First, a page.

Marfan syndrome type 2

Common Name(s)

Marfan syndrome type 2, Loeys-Dietz syndrome type 2

Marfan syndrome type 2 (MFS2), also known as Loeys-Dietz syndrome type 2 (LDS2), is a genetic disorder affecting the body’s connective tissues, which help provide strength and flexibility to many parts of the body, including muscles, blood vessels, heart valves, and bones. The main feature of MFS2 affects the heart. Specifically, the main artery carrying blood away from the heart (aorta) can widen over time (aortic aneurysm). This widening can cause the vessel to tear (aortic dissection). Other features of Marfan syndrome can include a split (bifid) uvula, a small jaw (micrognathia) that is set further back than normal (retrognathia), a sunken or protruding chest, flat feet, loose or flexible joints, crowded teeth, stretch marks, and an opening in the roof of the mouth (cleft palate). Unlike Marfan syndrome type 1 (MFS1), MFS2 does not affect the eyes or cause major bone (skeletal) abnormalities.

MFS2 is caused by a mutation (change) in the TGFBR2 gene. This gene acts as an instruction for the body to make a protein that is important for cell signaling, which helps with growth and development of tissues in the body. When a person has a mutation in the TGFBR2 gene, it leads to abnormal development of connective tissues in the body, causing the features of this condition. MFS2 is inherited in an autosomal dominant way, which means a mutation in only one of the two copies of the TGFBR2 gene a person has is enough to cause the condition.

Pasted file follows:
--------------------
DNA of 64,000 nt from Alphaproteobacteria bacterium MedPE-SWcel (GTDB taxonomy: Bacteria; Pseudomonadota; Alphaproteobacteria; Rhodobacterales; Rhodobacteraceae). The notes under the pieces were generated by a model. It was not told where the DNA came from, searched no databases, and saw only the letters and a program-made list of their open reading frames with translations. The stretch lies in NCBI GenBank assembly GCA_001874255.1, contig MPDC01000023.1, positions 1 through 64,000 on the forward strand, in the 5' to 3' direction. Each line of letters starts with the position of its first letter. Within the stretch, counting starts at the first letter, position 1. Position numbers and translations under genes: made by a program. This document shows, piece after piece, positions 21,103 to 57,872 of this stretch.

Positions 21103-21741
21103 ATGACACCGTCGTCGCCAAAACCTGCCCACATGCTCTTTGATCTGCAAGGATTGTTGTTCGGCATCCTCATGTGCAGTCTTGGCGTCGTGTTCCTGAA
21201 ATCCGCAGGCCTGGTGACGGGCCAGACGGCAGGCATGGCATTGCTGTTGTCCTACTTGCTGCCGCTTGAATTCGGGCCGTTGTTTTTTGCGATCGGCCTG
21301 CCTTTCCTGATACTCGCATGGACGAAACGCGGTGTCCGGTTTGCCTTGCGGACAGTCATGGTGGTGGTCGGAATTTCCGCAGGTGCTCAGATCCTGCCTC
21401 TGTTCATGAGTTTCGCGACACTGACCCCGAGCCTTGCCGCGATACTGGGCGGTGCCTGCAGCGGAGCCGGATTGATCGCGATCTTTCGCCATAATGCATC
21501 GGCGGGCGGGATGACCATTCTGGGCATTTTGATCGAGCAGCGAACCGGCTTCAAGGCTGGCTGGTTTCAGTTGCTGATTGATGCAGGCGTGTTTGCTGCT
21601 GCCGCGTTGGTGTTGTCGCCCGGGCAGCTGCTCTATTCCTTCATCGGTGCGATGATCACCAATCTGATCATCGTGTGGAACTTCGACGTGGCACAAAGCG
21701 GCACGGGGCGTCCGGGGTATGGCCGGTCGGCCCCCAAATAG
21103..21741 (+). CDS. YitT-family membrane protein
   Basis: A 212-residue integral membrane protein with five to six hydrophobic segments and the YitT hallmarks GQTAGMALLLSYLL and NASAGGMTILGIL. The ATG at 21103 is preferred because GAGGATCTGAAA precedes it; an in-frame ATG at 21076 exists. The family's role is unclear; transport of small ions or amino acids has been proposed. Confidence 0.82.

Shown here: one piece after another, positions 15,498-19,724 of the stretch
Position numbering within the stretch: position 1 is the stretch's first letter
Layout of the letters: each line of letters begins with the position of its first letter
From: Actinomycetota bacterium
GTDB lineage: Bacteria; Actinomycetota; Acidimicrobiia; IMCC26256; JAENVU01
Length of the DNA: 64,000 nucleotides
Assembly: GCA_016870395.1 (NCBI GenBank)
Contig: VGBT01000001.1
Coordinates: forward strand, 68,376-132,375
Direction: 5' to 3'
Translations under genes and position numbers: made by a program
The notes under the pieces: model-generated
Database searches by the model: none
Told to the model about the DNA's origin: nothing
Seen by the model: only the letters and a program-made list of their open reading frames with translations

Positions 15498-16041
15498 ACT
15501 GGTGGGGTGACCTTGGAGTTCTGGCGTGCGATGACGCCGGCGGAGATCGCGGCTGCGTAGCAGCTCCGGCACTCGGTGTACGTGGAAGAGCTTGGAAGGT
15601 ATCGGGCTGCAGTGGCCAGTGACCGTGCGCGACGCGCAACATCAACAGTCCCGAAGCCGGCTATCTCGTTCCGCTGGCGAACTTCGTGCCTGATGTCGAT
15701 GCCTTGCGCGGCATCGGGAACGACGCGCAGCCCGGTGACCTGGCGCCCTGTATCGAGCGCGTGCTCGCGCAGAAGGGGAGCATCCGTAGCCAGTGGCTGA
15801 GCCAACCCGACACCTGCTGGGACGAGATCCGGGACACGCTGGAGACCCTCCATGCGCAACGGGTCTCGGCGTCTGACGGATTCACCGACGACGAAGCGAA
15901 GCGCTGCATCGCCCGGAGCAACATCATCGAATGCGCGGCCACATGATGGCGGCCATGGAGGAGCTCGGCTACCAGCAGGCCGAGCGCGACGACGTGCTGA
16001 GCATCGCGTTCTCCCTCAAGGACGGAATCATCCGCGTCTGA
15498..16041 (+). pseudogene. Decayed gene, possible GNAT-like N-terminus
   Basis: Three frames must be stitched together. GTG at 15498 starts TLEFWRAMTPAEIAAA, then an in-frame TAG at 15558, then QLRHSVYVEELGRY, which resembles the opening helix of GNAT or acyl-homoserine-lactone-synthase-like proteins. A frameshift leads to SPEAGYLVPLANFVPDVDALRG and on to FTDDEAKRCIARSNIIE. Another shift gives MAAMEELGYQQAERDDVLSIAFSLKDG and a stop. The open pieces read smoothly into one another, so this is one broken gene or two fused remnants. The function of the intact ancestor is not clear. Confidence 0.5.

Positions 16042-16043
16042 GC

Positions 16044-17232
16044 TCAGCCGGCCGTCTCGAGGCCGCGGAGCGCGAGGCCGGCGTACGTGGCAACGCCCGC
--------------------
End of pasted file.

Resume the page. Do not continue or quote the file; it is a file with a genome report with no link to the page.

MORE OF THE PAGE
MFS2 is suspected in a person with an enlarged aorta who does not have other symptoms that are found in MFS1. The diagnosis is confirmed with genetic testing. Although there is no cure for Marfan syndrome, there are options to address many of the symptoms. In some cases, surgery may be needed. If your child has been diagnosed with MFS2, talk with their doctor about all treatment options. Support groups are available for support and more information.

Source: Advocacy organizations associated with the condition.

 

Advocacy and Support Organizations

 

Condition Specific Organizations

Following organizations serve the condition "Marfan syndrome type 2" for support, advocacy or research.

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Canadian Marfan Association

Increasing awareness, saving lives, and improving the quality of life for patients, their families, and medical professionals affected by Marfan syndrome, genetic aortic disorders, and related connective tissue disorders through national programs of education, support, and research.

Last Updated: 22 Jan 2013

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Loeys Dietz Syndrome Foundation

The Loeys-Dietz Syndrome Foundation (LDSF) is a 501(c)3 nonprofit organization dedicated to bringing greater awareness to Loeys-Dietz syndrome (LDS) by encouraging education, fostering research and providing support for those impacted by LDS.

Last Updated: 5 May 2014

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General Support Organizations